Intrinsic Motivation and Dynamic Agency Contract

  • Isao MiuraEmail author
  • Keiki Kumagae
Part of the New Frontiers in Regional Science: Asian Perspectives book series (NFRSASIPER, volume 18)


In conventional agency theory, the situation in which the principal lets the agents be motivated to choose the desirable action for him by giving a (monetary) reward is mainly considered. Such a motivation given from outside is called extrinsic motivation in psychology. However in reality, a worker in a firm would not necessarily work only for a reward. The worker has incentive produced internally through sense of accomplishment to be acquired from work and a feeling of self-affirmation to feel that work is useful for the firm and for society. We designate such an incentive intrinsic motivation and distinguish such motivations of two types. Actually, when the firm employs workers and manages them, it would be important for the firm to examine how to promote worker motivation for effective management while considering intrinsic motivation. In this model, in addition to an external motivation as a reward, we assume that an agent with intrinsic motivation contributes for the firm by working diligently to let the work succeed. For the firm, which means the principal, we consider how it should design the contract with the worker having intrinsic motivation. Especially, we analyze a dynamic case theoretically in which a short-term contract is updated and agency relations are continued for two periods.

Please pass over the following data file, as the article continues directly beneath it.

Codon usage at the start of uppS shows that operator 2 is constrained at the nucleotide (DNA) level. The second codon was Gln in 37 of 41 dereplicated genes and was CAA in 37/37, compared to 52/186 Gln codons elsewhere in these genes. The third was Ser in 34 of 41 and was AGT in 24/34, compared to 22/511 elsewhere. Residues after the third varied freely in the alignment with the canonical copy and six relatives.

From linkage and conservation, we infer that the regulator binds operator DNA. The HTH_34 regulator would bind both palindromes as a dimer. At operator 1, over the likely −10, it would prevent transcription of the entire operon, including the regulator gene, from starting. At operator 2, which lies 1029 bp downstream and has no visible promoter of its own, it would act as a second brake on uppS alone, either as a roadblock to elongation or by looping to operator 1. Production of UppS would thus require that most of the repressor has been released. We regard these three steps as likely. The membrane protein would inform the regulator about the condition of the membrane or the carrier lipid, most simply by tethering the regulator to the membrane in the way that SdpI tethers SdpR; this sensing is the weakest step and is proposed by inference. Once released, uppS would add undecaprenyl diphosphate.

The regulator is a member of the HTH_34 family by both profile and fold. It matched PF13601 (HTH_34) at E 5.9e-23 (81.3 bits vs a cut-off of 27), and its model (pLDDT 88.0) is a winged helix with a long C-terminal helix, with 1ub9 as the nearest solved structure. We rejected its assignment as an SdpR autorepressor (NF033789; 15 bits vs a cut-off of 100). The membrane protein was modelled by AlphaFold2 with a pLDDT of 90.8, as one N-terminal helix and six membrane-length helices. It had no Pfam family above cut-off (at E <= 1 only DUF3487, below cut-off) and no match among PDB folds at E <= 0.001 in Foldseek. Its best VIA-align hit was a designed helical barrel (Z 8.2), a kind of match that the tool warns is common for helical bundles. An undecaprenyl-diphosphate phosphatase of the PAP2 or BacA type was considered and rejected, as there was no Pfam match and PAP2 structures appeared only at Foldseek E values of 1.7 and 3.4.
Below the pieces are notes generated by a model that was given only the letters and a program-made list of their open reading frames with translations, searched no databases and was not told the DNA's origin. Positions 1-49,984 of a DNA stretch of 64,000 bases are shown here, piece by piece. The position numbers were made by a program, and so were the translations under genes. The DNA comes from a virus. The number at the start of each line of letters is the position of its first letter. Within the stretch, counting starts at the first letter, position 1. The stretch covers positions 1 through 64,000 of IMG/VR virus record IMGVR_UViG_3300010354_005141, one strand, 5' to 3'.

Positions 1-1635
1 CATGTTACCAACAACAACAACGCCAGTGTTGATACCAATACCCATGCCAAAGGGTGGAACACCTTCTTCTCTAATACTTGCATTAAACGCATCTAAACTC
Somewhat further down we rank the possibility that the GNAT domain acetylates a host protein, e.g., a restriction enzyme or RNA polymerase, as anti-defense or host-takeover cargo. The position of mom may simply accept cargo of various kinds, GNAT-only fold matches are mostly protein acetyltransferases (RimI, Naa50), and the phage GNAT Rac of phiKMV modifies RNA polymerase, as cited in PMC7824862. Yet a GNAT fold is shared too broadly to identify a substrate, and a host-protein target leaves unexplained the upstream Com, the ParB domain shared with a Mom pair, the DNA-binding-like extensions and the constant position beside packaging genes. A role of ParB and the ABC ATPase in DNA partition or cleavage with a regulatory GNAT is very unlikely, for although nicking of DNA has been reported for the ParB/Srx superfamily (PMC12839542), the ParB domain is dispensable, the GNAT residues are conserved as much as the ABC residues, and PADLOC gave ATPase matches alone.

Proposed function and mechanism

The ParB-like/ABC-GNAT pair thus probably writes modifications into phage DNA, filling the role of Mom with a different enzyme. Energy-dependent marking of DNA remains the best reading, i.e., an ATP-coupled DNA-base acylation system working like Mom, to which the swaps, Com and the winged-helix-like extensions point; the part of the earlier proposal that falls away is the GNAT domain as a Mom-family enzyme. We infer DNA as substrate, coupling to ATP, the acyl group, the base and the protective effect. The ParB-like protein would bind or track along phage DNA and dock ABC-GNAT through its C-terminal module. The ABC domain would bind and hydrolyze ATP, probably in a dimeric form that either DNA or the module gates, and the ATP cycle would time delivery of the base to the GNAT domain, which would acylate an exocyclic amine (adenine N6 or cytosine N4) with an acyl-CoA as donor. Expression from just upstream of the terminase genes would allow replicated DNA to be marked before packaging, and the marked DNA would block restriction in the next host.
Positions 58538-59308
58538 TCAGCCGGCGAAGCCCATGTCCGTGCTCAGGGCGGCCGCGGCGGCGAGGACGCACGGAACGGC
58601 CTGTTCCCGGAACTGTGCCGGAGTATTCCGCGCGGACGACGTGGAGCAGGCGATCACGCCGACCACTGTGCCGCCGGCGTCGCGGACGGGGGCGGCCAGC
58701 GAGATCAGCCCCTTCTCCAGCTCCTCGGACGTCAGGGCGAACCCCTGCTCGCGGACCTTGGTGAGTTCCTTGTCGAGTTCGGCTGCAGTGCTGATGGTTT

1. Bandura, A. 1977. Self efficacy: Toward a unifying theory of behavioral change. Psychological Review 84: 191–215.CrossRefGoogle Scholar
  2. Benabou, R., and J. Trole. 2003. Intrinsic and extrinsic motivation. Review of Economic Studies 70: 489–520.CrossRefGoogle Scholar
  3. Delfgaauw, J., and R. Dur. 2008. Incentives and workers’ motivation in the public sector. Economic Journal 118(525): 171–191CrossRefGoogle Scholar
  4. Ito, H. 2003. Keiyaku no Kezai Riron. Yuhikaku (in Japanese).Google Scholar
  5. Laffont, J.-J., and J. Tirole. 1993. A theory of incentives in procurement and regulation. Cambridge: The MIT Press.Google Scholar
  6. Makris, M. 2009. Incentives for motivated agents under an administrative constraint. Journal of Economic Behavior and Organization 71: 428–440.CrossRefGoogle Scholar
  7. Miura, I. 2003. Koukyou Keiyaku no Keizai Riron. Kyushu University Press (in Japanese).Google Scholar
  8. Murdock, K. 2002. Intrinsic motivation and optimal incentive contracts. RAND Journal of Economics 33(4): 650–671.CrossRefGoogle Scholar

Copyright information

© Springer Nature Singapore Pte Ltd. 2017

Authors and Affiliations

  1. 1.Kyushu UniversityFukuokaJapan

Personalised recommendations